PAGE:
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Phantom Limbs in the Family Tree

May 12, 2016 , , , ,

my ethnicity map

my ethnicity map

My research into family history started after both my parents had died. They each left some written material about their families, but neither parent had been particularly interested in genealogy.  My father said he was Scots-Irish, which is in part true.  Both parents had ancestors who immigrated to America from the British Isles in the 1600s.  The DNA survey on ancestry shows that my DNA is 85% from Great Britain.  When the survey was much younger and fewer participants had contributed my ethnicity was estimated at 99% from the British Isles.  My “trace region” is the Caucasus area of Asia.  The Asian genes may be a fluke, as explained in the accompanying material.

my tree

my tree

I am sure about the first three generations I have listed, but my maternal grandmother was an orphan adopted in Mississippi in a county where the courthouse burned to the ground.  We have no way to find records of her natural parents.  She moved to Texas with her adoptive family.  Some of the branches are easy to research and verify.  Others have me at dead ends. My most irksome dead end is my third great-grandfather, Thomas Peterson, born in Indiana in 1825.  I keep looking for answers about his parentage but have not found any records of his birth.  More official historical records are digitally added all the time, so I could still find something new that would break the case for me.  It bugs me that I can trace his nephew’s line back in time, but not Thomas’.

Along the way I have discovered my own mistakes, and have also had problems pointed out to me by other ancestry enthusiasts.  It is always a drag to find errors because it means you need to remove the phantom family and start again at the point you can verify the data.  I have lost a few big limbs this way.  I had become fond of many of the members of my unverified people.  It is funny to give them up with such great emotion, since they were not really my ancestors, but I can tell you that this feels awful.  I still think about them in history too.  Sometimes I am angry that I made such mistakes in my research, but usually I am glad I met them (historically) and held them in my memory.  When my first cousin gave me the news that I had the wrong John Taylor as my 3rd great-grandfather I was very upset.  I had to admit that she had a point.  This involved chopping down a limb that I had built back to the middle ages in England, with many illustrious stories along the way.  Alas, they were all built on specious data.  Now I am back to Jonathan Aaron Taylor, who fought in the Revolutionary War and was discharged in South Carolina..not born there. I suppose I am happy to have him even though he is not who I thought he was.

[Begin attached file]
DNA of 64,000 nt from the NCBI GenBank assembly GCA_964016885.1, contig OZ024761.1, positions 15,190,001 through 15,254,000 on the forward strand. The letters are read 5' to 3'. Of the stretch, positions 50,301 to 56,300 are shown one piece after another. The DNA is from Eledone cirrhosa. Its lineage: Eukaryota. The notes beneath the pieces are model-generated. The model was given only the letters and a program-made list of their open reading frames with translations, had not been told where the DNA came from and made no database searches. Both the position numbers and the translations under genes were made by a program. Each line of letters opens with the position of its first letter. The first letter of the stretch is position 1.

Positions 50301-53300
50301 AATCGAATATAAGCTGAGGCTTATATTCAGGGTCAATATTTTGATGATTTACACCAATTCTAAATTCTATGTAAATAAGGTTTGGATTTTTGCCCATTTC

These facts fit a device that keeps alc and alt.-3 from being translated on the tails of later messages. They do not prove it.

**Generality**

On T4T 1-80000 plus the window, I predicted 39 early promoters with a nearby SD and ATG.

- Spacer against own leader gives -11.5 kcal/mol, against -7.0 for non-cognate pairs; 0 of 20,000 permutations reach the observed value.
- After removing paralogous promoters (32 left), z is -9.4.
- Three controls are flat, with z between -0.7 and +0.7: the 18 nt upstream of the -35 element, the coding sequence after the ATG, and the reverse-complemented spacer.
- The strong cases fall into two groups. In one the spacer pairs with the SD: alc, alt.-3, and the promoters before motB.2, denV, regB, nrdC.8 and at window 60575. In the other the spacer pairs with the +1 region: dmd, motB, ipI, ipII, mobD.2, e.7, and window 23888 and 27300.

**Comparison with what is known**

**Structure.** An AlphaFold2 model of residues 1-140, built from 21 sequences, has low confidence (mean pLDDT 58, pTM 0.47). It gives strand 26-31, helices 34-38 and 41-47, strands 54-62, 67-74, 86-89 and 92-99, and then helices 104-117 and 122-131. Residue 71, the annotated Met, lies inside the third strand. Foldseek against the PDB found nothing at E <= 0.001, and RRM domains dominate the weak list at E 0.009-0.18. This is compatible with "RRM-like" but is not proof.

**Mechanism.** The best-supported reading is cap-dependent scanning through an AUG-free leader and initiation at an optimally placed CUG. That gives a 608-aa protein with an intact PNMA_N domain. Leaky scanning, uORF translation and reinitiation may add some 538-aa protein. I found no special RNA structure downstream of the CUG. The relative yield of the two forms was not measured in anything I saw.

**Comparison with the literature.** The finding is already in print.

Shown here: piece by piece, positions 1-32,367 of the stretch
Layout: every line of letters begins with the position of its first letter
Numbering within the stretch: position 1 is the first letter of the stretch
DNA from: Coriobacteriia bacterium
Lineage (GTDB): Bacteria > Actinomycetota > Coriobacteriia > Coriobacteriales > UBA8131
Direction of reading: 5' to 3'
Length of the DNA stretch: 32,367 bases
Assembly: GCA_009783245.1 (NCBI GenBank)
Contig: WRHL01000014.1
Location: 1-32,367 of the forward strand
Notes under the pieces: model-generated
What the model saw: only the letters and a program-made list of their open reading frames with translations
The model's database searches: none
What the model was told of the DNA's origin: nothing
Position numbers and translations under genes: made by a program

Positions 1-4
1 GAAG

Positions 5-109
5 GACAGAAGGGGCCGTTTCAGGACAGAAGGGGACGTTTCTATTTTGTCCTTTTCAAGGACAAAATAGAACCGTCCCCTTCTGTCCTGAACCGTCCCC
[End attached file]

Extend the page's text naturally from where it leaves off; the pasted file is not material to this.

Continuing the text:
Jonathan Aaron Taylor (1760 – 1820)
3rd great-grandfather
John Samuel Taylor (1798 – 1873)
son of Jonathan Aaron Taylor
William Ellison Taylor (1839 – 1918)
son of John Samuel Taylor
George Harvey Taylor (1884 – 1941)
son of William Ellison Taylor
Ruby Lee Taylor (1922 – 2008)
daughter of George Harvey Taylor
Pamela Morse
I am the daughter of Ruby Lee Taylor

Have you ever attempted an ancestry study?  It is really easy now that is there to guide you.  Just be careful as you roam around in that data. Not all of it can be verified, especially the family trees.  Don’t copy another person’s data until you examine it carefully for errors. The ancestors have much to teach us..and one of the lessons is VERIFY your facts before you swallow them whole. Save yourself the heartache of saying good-bye to bogus relatives.